The Mineral Hills Conservation Area is an almost 400 acre forest and old gravel quarry that has been owned by the city of Northampton since 2007. Part of the conservation area including the quarry was slated to become a housing development, much to the dismay of neighbors and visitors who enjoyed the area. Now, the forest contains miles of trails that connect to other conservation land. The property contains unique features such as wetlands, hills and streams, and is a popular destination for passive recreation such as hiking, bird watching and dog walking for residents of Northampton and visitors.
Before the town received a DCR Stewardship Grant in 2011, an entire section of the conservation area was inaccessible for walkers because of a large wetland located just off the road. With the money from the grant, town volunteers built metal boardwalks that allow visitors to cross the wetlands and access the trails, opening a large area of the forest to recreation. Now, visitors can cross the wetland and see creatures such as frogs and salamanders on their way into the forest. The raised boardwalks allow for visitor access while limiting damage to the important wetland ecosystem. These new trails are heavily used by visitors and people from the surrounding neighborhood who can now access the trails close to their homes.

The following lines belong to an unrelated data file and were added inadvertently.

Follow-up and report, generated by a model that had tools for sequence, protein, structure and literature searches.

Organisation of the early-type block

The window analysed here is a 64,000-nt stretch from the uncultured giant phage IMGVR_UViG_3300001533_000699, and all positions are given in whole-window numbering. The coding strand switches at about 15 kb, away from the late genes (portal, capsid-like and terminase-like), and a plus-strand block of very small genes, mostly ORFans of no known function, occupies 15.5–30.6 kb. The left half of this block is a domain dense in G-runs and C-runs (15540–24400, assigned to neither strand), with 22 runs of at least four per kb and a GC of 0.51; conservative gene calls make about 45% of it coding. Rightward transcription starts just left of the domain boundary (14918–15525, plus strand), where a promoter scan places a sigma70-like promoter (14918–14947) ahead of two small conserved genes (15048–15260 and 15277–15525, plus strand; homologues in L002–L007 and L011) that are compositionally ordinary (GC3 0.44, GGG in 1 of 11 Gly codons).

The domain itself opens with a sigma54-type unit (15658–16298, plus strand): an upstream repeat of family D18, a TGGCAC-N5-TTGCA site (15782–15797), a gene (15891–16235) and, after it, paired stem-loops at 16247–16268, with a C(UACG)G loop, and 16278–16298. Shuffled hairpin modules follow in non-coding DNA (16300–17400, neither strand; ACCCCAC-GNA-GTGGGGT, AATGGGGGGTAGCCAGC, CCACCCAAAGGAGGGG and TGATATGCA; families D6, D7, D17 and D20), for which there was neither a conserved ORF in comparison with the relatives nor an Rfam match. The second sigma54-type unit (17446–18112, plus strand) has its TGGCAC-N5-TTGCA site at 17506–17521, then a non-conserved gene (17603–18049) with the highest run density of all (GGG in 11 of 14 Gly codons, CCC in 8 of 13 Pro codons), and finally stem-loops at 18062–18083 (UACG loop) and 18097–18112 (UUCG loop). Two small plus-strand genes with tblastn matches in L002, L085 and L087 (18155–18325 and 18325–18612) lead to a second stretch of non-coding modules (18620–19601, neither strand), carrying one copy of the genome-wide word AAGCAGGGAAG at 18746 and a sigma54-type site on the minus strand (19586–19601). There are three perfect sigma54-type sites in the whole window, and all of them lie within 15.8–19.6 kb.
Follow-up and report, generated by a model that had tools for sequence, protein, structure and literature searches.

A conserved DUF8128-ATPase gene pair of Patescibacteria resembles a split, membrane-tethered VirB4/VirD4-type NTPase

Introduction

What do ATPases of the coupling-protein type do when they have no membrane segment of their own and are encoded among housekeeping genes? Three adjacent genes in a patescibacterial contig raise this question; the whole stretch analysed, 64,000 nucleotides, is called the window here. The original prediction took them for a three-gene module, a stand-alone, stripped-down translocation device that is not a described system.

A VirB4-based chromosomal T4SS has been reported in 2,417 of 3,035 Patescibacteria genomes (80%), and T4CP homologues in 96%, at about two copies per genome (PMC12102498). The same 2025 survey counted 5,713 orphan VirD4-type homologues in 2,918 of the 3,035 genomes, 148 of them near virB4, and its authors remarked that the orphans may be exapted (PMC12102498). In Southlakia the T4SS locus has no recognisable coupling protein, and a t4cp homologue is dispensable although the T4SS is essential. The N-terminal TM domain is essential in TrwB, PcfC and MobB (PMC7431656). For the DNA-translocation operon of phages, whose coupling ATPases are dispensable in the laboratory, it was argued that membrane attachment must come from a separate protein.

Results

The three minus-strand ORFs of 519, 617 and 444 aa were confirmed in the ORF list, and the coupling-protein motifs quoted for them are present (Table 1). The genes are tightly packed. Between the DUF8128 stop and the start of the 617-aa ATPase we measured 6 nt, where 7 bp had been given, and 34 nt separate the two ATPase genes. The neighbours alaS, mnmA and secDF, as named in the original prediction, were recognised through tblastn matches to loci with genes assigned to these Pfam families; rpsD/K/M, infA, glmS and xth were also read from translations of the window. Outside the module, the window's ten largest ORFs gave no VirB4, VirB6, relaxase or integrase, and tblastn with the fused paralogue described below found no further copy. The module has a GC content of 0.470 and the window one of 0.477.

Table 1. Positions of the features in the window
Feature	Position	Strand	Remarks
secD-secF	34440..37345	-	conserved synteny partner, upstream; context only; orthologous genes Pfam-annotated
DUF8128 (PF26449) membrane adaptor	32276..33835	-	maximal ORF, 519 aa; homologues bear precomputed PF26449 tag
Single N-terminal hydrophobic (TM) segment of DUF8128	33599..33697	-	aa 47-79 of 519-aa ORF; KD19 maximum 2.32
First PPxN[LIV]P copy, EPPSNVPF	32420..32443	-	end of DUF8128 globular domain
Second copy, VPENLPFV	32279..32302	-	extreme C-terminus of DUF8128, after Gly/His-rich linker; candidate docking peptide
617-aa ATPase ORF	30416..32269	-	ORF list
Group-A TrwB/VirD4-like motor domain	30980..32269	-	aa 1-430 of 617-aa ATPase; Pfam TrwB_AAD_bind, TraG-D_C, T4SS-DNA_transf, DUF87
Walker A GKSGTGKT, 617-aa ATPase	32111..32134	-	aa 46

In addition to the boardwalks, the DCR grant allowed the town to do aggressive management of multiflora rose, an invasive shrub species that had taken over the field next to the gravel quarry, and oriental bittersweet which was limiting access to trails around the quarry. Both mechanical and chemical control methods were used to eliminate the plants over a multi-year period. The control was successful, and now native species such as goldenrod, sumac, native grasses and other wildflowers grow in the field. The quarry, which is beloved to many Northampton residents, is now even more scenic thanks to this invasive species control. Classes from local high schools and colleges visit the quarry every year for field trips to learn about geology concepts. The Mineral Hills Conservation area provides benefits to these students and the general public.